It is preferable from the viewpoint of making the formation of the substrate easy that the depth of pits is in a range of from 30 nm to 100 nm. Further, it is preferable to form pits so as to satisfy a formula of 0.05≦|Dp−Df|/(Dp+Df) where Dp is an intensity of returning light to the optical head at a pit portion, and Df is an intensity of returning light in a flat portion in which no pit is formed.

FIG. 6 is a diagram showing the near field optical recording medium of the present invention wherein a header information is constituted by convex bumps having the width in a direction perpendicular to a track being narrower than the beam spot, and wherein the reflectance R has a positive inclination in a range of from Hb to Ht where Ht is the distance between a bottom surface of the optical head and a flat portion in which no bump is formed, and Hb is the distance between the bottom surface of the optical head and an upper surface of the bump.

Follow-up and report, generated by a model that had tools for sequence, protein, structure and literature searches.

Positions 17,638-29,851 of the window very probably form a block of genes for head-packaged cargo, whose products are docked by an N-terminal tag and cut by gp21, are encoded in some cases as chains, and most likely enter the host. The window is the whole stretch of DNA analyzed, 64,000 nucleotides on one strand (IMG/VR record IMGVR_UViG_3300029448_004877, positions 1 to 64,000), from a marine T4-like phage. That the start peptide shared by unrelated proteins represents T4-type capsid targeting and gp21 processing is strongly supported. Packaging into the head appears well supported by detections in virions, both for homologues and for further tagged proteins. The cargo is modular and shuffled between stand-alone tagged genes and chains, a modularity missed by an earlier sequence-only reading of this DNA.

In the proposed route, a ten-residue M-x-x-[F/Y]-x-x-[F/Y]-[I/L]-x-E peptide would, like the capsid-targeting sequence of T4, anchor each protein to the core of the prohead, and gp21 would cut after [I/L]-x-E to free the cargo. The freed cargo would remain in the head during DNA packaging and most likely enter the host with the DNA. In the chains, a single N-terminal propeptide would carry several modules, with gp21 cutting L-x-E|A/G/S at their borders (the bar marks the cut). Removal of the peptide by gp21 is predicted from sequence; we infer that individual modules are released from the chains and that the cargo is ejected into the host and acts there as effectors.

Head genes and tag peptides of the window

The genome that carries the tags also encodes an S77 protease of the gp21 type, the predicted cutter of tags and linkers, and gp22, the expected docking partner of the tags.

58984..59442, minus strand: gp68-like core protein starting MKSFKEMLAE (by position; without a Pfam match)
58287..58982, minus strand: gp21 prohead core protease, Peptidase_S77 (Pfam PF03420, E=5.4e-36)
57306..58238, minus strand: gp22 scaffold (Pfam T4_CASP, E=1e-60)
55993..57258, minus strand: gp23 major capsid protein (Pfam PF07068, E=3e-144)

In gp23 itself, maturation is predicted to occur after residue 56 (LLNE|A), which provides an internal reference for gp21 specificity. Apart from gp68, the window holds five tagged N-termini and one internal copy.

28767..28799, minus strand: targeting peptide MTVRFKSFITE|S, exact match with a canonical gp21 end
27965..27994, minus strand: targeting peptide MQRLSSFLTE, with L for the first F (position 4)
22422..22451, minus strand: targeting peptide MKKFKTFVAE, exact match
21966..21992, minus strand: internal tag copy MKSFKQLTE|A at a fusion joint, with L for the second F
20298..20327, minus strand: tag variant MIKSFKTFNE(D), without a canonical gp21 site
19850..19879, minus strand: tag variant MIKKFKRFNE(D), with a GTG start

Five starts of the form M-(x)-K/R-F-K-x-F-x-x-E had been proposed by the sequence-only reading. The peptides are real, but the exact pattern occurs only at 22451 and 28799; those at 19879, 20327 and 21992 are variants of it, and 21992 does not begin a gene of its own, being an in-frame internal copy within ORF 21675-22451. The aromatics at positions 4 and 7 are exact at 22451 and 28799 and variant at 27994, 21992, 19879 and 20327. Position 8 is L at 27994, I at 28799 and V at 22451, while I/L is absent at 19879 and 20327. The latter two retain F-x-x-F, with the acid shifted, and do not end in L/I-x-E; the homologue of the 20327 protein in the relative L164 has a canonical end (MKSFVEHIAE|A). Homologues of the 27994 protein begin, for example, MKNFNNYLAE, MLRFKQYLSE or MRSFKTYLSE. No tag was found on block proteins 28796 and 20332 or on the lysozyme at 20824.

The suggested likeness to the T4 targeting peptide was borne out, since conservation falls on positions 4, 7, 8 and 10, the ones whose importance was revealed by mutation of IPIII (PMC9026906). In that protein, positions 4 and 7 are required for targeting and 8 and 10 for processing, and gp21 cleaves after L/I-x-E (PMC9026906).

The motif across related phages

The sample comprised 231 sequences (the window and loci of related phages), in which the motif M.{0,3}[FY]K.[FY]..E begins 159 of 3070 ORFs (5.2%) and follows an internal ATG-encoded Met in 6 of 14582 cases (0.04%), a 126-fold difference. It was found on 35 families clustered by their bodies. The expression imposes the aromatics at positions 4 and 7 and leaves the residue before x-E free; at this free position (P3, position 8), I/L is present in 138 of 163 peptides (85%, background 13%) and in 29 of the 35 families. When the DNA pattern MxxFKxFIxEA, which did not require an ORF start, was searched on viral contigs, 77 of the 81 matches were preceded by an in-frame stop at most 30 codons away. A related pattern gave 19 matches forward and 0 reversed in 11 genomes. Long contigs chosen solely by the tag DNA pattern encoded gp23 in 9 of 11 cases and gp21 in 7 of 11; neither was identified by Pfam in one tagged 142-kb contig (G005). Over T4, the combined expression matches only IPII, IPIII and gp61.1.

FIG. 6(b) shows a change in the intensity of light due to the distance effect, and FIG. 6(c) shows a change in the intensity of light due to the diffraction effect caused by a step 68 in a side surface of a pit, which is in parallel to the track. With respect to a change in a signal due to the distance effect, since a layer structure that the reflectance R has a positive inclination in the range of from Hb to Ht is used, the intensity of reflection light at a position B where the beam is above a bump is lower than that at a position A where no bump is formed. Further, with respect to the diffraction effect, the intensity of reflection light at a position B above a bump is lower than that at a position A where no bump is formed due to the diffraction of light caused by the step in a side surface of the bump.

FIG. 6(d) shows an effect in combination of (b) and (c). In this case, both a signal due to the diffraction effect and signal due to the distance effect are summed, whereby the amplitude of a finally obtainable signal is large and a signal of good quality can be obtained. It is preferable from the viewpoint of making the formation of the substrate easy that the depth of pits is in a range of from 30 nm to 100 nm. Further, it is preferable to form bumps so as to satisfy a formula of 0.05≦|Dp−Df|/(Dp+Df) where Dp is an intensity of returning light to the optical head in a bump portion, and Df is an intensity of returning light in a flat portion in which no bump is formed.